seal-impression / seal
- Previous 0/16322
Oval bronze seal-matrix of the Royal African Company with moulded socket at back. A shield of arms, or, an elephant azure, on his back a quadrangular castle argent masoned proper; on the sinister tower a flagstaff and banner gules, on banner a cross, on the dexter corner of the escutcheon a canton quarterly of France and England. Crest, on a ducal coronet or an anchor erect sable, cabled of the first, between two dragons' wings expanded argent. Supporters, two African blacks proper vested round the waist with a skirt argent, banded round the temples or thereon feathers erect of various colours; each holding in his hand an arrow or barbed and feathered argent. Legend. Wax impression.
- Made in: England
- (Europe,British Isles,England)
- Length: 3.35 centimetres
Inscription ContentREGIO. FLORET. PATROCINIO. COMMERCIUM. COMMERCIOQUE. REGNUM
Inscription Translation"By Royal patronage trade flourishes, by trade the realm"or "Business is flourishing due to royal patronage and the kingdom is flourishing due to business" [see Pettigrew 2013 under Comment]
For the legend, established as the Company's motto in 1672, which made explicit the link between royal patronage and commercial prosperity, see W.Pettigrew, Freedom's Debt, The Royal African Company and the Politics of the Atlantic Slave Trade 1672-1752, Williamsburg Virginia 2013, p. 88. At the time of writing Pettigrew did not know of the seal-die's existence but has since pointed out that the seal-die is the legal expression of the Company. In his book he explains the thinking behind the new name and motto of the company as seen on this die in the context of international trade and empire.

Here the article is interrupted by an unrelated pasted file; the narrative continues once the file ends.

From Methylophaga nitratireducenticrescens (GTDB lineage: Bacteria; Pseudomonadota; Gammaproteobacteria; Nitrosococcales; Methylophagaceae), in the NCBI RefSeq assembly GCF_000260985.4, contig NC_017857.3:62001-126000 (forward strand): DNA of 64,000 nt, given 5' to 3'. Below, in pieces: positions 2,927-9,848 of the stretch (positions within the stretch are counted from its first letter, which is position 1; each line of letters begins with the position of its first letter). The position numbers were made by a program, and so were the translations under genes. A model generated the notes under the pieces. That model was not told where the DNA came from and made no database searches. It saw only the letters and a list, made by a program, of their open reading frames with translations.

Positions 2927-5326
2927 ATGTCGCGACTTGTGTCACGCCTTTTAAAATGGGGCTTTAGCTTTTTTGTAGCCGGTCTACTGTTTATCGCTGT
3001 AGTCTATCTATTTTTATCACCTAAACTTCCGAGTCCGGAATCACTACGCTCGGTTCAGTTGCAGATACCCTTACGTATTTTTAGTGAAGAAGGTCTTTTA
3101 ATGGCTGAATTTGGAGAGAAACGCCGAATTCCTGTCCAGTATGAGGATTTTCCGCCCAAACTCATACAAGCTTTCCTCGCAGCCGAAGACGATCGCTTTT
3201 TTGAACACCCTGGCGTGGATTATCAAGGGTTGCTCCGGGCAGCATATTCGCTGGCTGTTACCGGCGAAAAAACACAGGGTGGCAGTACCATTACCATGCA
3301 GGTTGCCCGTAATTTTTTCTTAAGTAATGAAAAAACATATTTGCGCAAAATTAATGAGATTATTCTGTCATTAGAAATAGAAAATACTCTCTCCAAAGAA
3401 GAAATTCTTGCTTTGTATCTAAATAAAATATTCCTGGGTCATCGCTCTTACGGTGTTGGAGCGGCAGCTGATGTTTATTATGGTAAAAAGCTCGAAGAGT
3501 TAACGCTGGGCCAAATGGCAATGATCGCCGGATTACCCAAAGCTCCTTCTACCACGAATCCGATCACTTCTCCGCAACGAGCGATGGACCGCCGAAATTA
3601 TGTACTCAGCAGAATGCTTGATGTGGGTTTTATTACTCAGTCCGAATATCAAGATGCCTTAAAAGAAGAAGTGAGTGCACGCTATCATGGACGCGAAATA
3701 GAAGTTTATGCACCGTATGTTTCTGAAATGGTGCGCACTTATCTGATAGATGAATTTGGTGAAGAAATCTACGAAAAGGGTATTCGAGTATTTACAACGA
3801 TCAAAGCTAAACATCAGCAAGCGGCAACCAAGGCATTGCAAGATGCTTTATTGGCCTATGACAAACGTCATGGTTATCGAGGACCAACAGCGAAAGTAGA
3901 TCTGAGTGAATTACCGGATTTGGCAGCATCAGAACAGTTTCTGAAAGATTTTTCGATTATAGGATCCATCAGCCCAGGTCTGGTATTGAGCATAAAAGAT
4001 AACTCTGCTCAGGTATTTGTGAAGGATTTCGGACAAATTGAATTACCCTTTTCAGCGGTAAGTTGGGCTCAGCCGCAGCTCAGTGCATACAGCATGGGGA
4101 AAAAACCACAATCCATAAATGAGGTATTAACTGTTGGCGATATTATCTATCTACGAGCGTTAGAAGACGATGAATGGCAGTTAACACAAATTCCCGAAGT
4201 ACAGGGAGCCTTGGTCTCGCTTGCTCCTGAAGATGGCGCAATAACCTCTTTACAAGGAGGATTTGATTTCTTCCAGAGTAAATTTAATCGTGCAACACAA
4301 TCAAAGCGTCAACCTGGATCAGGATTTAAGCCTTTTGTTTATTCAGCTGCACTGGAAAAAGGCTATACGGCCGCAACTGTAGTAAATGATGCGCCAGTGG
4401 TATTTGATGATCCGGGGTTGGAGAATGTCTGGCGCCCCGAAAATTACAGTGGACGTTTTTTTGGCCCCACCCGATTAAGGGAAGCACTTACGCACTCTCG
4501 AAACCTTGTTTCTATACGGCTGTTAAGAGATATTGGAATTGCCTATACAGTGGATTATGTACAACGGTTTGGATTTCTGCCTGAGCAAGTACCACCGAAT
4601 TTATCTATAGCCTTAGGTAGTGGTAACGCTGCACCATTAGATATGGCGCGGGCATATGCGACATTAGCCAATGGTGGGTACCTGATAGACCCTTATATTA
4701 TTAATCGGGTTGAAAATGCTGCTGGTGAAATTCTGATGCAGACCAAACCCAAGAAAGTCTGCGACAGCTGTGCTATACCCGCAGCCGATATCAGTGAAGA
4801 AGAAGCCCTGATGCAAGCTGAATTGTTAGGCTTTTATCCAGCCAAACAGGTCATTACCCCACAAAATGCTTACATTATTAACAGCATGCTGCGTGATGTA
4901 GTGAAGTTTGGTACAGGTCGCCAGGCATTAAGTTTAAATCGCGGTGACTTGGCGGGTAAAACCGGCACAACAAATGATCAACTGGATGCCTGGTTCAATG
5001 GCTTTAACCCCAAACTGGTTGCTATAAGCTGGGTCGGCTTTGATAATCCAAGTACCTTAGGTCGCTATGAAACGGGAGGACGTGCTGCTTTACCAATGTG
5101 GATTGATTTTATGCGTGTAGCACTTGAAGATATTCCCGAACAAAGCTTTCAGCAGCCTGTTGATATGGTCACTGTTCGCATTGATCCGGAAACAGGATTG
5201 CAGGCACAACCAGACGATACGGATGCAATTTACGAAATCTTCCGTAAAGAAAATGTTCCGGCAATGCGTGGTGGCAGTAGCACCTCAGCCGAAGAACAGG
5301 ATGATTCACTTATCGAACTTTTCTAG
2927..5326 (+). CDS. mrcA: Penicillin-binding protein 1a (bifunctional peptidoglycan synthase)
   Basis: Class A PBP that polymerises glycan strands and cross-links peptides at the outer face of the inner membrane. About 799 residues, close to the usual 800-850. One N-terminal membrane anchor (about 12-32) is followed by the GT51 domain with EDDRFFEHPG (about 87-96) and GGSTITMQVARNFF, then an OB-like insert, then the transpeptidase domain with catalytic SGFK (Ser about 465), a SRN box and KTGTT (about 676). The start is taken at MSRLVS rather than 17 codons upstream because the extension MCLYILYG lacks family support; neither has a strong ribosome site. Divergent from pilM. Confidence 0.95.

Text from 'Catalogue of British Seal-Dies in the British Museum', A.B. Tonnochy, London 1952, cat. no. 159.
B.M. 'Cat. of Seals', no. 14721.
Cf. Add. MS. 6331, f. 1; Noorthouck, 'History of London', p. 888, pi. iii, London, 1773.
On display: G46/dc15
Transferred from the Department of Manuscripts.
Britain, Europe and Prehistory
- 1838,XXXV.222 (MSS 1838 transfer list)
If you’ve noticed a mistake or have any further information about this object, please email: email@example.com
Object reference number: MCN10886
British Museum collection data is also available in the W3C open data standard, RDF, allowing it to join and relate to a growing body of linked data published by organisations around the world.
The Museum makes its collection database available to be used by scholars around the world. Donations will help support curatorial, documentation and digitisation projects.